Rare Daily Staff
The California Institute for Regenerative Medicine, the stem cell agency created by California voters in 2004, is running out of money and facing an uncertain future.
In a blog post the agency said it expects to have enough money to fund new projects up to the end of this year.
CIRM was created in response to Federal restrictions on stem cell research. It allowed for $3 billion in funding of stem cell facilities and research and promised to make California a leader in the emerging science that was expected to develop new therapies for intractable diseases and potential cures. To date, the institute has funded 54 clinical trials.
“In 2004, the patient advocate community recognized that the research we fund could help them or a loved one battling a deadly disease or disorder. And over the last 15 years that’s exactly what we have done, trying to live up to our mission of accelerating stem cell treatments to patients with unmet medical needs,” wrote Kevin McCormack, senior director of public communications and patient advocate outreach at CIRM. “But it’s just a start. We still have a lot to do.”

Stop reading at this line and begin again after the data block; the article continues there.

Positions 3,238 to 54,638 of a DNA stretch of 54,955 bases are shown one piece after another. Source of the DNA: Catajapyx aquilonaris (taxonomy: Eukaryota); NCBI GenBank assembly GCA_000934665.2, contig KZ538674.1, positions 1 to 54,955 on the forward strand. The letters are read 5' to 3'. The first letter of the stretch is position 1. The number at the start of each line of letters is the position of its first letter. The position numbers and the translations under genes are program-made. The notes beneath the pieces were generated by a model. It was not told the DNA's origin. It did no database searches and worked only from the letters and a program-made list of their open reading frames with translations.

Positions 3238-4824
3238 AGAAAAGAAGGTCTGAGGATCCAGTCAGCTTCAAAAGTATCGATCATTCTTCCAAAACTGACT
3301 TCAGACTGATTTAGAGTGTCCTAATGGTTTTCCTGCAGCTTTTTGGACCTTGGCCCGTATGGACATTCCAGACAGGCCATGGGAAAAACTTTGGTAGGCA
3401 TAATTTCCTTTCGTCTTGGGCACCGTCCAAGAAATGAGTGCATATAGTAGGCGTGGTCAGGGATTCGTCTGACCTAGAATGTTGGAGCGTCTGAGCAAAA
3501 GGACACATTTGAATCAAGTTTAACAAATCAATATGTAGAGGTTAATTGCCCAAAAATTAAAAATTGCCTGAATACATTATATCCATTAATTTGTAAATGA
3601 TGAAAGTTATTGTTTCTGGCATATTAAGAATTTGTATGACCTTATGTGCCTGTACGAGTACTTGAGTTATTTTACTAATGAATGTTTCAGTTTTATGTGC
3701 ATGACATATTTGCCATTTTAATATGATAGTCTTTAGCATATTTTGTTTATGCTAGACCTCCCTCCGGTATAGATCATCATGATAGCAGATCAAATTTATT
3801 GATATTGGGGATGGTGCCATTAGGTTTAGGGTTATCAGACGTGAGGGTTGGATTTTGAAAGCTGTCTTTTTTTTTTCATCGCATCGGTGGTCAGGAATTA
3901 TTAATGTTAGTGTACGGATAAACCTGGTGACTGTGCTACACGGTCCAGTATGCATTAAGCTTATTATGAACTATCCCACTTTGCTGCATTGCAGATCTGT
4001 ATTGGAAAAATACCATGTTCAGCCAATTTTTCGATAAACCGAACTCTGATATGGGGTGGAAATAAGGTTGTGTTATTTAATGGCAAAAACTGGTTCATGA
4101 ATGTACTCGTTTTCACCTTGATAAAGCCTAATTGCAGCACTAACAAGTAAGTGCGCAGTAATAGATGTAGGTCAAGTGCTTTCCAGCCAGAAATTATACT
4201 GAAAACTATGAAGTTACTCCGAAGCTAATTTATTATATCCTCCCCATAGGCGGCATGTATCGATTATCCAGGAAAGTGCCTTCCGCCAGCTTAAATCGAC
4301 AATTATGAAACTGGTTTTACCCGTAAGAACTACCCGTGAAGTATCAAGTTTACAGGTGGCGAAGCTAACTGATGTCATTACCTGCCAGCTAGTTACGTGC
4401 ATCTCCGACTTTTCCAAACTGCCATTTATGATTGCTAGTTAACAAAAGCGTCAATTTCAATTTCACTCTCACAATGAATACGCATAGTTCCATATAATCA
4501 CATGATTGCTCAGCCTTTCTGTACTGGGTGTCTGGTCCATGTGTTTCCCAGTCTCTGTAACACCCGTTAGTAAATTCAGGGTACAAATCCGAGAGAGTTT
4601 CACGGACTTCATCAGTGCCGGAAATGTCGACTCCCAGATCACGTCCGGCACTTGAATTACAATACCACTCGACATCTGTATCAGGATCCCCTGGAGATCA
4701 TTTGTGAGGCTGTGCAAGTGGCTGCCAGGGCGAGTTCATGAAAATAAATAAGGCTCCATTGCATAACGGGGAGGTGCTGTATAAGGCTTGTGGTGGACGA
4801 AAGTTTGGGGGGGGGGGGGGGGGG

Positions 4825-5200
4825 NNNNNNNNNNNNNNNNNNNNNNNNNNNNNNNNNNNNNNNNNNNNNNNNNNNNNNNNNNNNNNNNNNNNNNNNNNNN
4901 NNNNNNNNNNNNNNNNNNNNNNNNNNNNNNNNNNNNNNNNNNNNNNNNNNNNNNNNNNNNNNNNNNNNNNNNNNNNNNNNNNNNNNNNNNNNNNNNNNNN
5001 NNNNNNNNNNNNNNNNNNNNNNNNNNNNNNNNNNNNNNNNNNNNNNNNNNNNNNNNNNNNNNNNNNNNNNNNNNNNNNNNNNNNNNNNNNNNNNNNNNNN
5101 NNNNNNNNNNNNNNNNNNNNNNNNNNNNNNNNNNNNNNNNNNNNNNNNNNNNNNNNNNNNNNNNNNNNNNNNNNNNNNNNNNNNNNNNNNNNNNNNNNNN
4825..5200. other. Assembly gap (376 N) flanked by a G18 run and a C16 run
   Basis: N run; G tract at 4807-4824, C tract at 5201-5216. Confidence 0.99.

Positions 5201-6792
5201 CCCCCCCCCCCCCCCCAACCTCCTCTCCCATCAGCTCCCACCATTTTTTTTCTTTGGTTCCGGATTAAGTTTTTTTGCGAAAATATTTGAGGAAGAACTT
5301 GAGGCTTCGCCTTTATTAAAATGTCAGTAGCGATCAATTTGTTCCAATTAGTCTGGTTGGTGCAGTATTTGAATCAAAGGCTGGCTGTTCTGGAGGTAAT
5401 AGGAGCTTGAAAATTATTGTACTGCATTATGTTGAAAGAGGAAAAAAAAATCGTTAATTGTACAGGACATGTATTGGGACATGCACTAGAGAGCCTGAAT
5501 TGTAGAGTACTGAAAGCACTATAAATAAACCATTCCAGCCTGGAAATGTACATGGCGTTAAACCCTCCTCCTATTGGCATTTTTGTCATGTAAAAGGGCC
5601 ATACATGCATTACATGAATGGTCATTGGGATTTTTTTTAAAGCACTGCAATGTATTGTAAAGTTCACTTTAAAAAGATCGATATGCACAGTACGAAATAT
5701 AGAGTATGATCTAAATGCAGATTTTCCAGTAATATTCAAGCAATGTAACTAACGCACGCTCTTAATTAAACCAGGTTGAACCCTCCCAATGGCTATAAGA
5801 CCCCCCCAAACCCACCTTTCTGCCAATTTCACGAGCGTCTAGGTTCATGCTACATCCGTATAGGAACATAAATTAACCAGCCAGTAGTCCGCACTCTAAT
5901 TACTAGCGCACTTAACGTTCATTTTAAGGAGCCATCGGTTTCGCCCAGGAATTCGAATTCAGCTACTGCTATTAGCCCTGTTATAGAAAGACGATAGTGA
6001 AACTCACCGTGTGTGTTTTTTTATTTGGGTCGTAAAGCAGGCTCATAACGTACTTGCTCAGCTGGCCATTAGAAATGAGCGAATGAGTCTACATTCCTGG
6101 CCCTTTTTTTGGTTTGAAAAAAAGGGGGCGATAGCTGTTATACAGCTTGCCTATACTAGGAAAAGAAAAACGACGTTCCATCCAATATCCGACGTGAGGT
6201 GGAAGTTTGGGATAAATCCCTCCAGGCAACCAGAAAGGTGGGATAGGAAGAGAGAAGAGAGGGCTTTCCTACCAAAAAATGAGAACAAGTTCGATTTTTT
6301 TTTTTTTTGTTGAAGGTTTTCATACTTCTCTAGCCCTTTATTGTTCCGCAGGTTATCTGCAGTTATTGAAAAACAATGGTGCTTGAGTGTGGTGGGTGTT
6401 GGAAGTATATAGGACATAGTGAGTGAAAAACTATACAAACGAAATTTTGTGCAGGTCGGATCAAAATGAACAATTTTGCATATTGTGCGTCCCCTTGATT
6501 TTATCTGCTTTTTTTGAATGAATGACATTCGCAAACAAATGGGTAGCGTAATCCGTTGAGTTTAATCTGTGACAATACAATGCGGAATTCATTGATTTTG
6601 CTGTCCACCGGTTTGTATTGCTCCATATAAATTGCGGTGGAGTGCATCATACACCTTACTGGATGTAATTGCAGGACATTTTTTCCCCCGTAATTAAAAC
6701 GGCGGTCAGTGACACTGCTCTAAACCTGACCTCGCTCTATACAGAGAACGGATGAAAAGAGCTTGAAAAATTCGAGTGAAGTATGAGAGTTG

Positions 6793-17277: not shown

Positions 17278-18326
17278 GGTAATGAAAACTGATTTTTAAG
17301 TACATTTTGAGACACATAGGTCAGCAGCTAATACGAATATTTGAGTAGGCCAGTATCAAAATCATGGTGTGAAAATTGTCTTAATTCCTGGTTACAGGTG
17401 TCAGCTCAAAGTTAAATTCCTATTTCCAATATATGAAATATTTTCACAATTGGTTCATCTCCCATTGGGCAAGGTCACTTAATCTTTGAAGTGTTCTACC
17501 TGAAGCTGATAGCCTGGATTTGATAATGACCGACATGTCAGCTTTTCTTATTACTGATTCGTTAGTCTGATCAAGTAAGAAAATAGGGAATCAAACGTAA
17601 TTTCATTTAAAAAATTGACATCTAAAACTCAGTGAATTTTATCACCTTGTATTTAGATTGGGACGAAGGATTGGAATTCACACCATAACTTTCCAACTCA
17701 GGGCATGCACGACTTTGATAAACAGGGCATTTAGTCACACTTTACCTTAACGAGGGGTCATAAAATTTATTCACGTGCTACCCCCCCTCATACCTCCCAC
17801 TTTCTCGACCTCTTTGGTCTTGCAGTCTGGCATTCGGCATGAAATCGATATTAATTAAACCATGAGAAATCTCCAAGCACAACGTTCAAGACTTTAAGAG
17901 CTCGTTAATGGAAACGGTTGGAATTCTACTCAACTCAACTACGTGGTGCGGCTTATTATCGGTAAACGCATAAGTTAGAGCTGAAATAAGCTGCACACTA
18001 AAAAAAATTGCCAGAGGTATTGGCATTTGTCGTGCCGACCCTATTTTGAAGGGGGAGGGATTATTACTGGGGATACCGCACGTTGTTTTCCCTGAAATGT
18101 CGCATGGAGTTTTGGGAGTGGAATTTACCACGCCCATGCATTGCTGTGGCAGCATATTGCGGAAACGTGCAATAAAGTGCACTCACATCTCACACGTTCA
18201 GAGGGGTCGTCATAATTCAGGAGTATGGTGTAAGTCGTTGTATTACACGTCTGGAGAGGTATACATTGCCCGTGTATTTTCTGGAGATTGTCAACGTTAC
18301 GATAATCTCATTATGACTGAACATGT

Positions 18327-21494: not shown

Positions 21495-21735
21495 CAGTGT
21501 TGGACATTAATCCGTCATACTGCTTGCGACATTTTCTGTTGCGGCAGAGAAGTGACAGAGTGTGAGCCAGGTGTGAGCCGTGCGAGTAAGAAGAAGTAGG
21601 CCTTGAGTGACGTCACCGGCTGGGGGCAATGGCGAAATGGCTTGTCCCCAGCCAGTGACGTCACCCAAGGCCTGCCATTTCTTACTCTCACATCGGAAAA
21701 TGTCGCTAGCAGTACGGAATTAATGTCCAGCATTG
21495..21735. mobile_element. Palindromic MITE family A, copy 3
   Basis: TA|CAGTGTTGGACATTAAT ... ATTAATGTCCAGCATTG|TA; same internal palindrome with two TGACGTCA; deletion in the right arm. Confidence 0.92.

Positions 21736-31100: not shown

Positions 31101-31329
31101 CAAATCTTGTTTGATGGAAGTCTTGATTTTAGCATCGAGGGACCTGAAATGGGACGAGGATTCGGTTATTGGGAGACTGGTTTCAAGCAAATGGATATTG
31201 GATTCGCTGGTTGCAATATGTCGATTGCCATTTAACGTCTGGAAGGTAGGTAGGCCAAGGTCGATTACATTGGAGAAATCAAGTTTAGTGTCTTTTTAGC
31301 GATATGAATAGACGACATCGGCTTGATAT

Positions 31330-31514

CIRM will hold a Patient Advocate event Tuesday, June 25 from 6 p.m. to 7 p.m. in Petree Hall C., at the Los Angeles Convention Center at 1201 South Figueroa Street, Los Angeles. The event is free and open to all. Event details and registration can be found online.
The event will review the progress the agency has made to date and discuss the challenges facing CIRM and the field, as well as a possible new ballot initiative for next year that could help re-fund CIRM, giving it the opportunity to continue its work.
McCormack in his blog post made a direct plea to patients, patient
advocates, and members of the public.
“Without you we wouldn’t be here,” he wrote. “Without you we will disappear. Without us the field of stem cell research loses a vital source of support and funding, and potentially-life saving therapies fall by the wayside.”
Photo: Kevin McCormack, senior director of public communications and patient advocate outreach at CIRM